It's an irony of life that to gain control you sometimes have to cede it. With hosted solutions, software as a service, outsourcing, offshoring and the "consumerization" of IT, it is becoming difficult-and increasingly pointless-to maintain absolute control over everything. And why would you want to?
CIOs today have more options than ever before to help them run IT. Take remote infrastructure management. Having a team in Chennai handle not just your development work but also your network services, help desk support, server maintenance or, perish the thought, desktop management seems beyond the pale to some CIOs. Yet remote infrastructure management is "something that virtually every organization does every single day," argues Bill Piatt, CIO of the International Finance Corp., in " Remote Controlled," by Senior Editor Stephanie Overby. It's just that "people somehow think there's a material difference if that work is done offshore." There isn't. "Electrons need no visas," says Piatt, who gets his infrastructure support through a combination of onshore, offshore and nearshore resources, both in-house and outsourced. "Anyone can do this work from anywhere."
And what about the latest in the IT buzz term, "cloud computing"? Using other people's applications over the Internet or running your own on a third-party's infrastructure allows CIOs to worry less about managing rising and falling demand on computer power and bandwidth and focus instead on driving business value. Bill Snyder reports on what early adopters are learning in his article.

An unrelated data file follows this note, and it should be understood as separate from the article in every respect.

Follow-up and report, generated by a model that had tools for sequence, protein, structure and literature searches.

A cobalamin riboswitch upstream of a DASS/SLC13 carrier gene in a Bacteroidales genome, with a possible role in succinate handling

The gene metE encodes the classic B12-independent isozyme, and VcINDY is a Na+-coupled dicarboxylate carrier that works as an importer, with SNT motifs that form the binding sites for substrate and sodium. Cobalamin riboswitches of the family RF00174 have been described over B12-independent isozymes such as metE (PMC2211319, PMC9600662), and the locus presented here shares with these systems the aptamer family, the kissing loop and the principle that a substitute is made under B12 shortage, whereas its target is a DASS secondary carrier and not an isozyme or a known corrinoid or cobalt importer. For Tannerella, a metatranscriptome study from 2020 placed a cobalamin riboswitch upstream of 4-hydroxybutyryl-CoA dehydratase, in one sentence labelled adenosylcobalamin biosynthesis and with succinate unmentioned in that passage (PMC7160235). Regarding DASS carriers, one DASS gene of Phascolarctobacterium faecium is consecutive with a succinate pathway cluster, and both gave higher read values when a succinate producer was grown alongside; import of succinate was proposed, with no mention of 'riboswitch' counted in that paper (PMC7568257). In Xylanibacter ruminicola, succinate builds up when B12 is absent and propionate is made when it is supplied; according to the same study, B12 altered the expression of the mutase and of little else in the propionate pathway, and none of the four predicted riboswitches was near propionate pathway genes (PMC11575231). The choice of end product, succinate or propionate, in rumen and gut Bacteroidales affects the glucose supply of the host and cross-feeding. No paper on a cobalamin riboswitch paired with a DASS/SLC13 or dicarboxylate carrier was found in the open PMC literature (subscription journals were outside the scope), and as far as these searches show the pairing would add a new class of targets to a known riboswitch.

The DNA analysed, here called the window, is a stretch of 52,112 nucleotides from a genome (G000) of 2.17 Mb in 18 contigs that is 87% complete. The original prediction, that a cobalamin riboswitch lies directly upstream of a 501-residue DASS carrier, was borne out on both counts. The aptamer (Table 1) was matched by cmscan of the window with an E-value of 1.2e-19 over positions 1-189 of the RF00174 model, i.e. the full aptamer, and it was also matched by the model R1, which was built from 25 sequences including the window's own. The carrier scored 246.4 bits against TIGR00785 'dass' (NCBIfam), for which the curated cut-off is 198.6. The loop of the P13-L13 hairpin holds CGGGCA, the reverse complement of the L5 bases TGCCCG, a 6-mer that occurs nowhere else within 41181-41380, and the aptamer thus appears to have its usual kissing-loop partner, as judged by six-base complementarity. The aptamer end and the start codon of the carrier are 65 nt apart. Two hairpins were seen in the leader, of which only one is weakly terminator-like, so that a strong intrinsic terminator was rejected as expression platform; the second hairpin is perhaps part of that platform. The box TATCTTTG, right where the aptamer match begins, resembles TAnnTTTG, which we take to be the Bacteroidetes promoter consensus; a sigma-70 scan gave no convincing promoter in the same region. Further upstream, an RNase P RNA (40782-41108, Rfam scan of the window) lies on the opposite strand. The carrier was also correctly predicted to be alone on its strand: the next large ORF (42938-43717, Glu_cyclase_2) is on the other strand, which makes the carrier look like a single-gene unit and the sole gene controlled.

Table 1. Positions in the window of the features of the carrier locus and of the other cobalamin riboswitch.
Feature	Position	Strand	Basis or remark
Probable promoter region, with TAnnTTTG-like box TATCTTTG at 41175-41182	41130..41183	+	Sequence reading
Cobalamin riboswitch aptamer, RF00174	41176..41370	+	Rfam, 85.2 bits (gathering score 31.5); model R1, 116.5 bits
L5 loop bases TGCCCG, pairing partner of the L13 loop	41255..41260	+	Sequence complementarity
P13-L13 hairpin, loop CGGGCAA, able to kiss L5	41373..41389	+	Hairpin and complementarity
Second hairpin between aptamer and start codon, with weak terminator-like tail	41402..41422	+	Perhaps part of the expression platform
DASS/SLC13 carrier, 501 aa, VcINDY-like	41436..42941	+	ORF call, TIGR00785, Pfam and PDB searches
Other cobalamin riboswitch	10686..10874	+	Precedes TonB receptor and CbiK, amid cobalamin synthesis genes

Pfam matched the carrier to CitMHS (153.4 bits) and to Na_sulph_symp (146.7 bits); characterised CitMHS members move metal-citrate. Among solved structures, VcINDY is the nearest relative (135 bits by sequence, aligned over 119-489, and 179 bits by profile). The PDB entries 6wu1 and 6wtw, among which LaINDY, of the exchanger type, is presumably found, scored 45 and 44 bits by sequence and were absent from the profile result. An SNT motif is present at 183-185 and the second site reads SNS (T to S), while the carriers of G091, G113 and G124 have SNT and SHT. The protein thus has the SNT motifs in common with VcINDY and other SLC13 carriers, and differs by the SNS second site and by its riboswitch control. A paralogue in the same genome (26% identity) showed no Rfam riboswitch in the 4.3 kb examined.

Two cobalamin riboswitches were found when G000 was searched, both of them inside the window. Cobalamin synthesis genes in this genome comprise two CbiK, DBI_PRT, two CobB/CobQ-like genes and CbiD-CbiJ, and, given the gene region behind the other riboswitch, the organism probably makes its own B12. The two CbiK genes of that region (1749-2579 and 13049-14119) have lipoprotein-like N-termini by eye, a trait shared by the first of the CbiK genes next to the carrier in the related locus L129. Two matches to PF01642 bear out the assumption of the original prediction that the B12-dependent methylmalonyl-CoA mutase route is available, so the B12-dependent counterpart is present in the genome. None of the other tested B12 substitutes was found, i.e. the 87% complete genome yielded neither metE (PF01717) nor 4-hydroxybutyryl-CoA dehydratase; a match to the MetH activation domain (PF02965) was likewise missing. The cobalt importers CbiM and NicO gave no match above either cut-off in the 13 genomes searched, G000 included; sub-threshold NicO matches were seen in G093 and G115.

Still, such arrangements shouldn't be entered lightly. Issues remain around security, application latency and pricing models for cloud computing, compliance, security and total cost of management for remote infrastructure management.
Some people question whether these trends will ensure the homogenization/commoditization of IT. Others believe they'll bring about a new wave of custom in-house development as people figure out what is best served by a cost/quality equation, and what is a matter for real differentiation.
In a completely different context, author Sylvia Clare writes about letting go in the spiritual sense. "There are really two questions.... What are the kinds of things we want to let go of? and Why should I do this? (i.e., What is the benefit for me?")
Good questions for CIOs to ask themselves in thinking about how to run IT.
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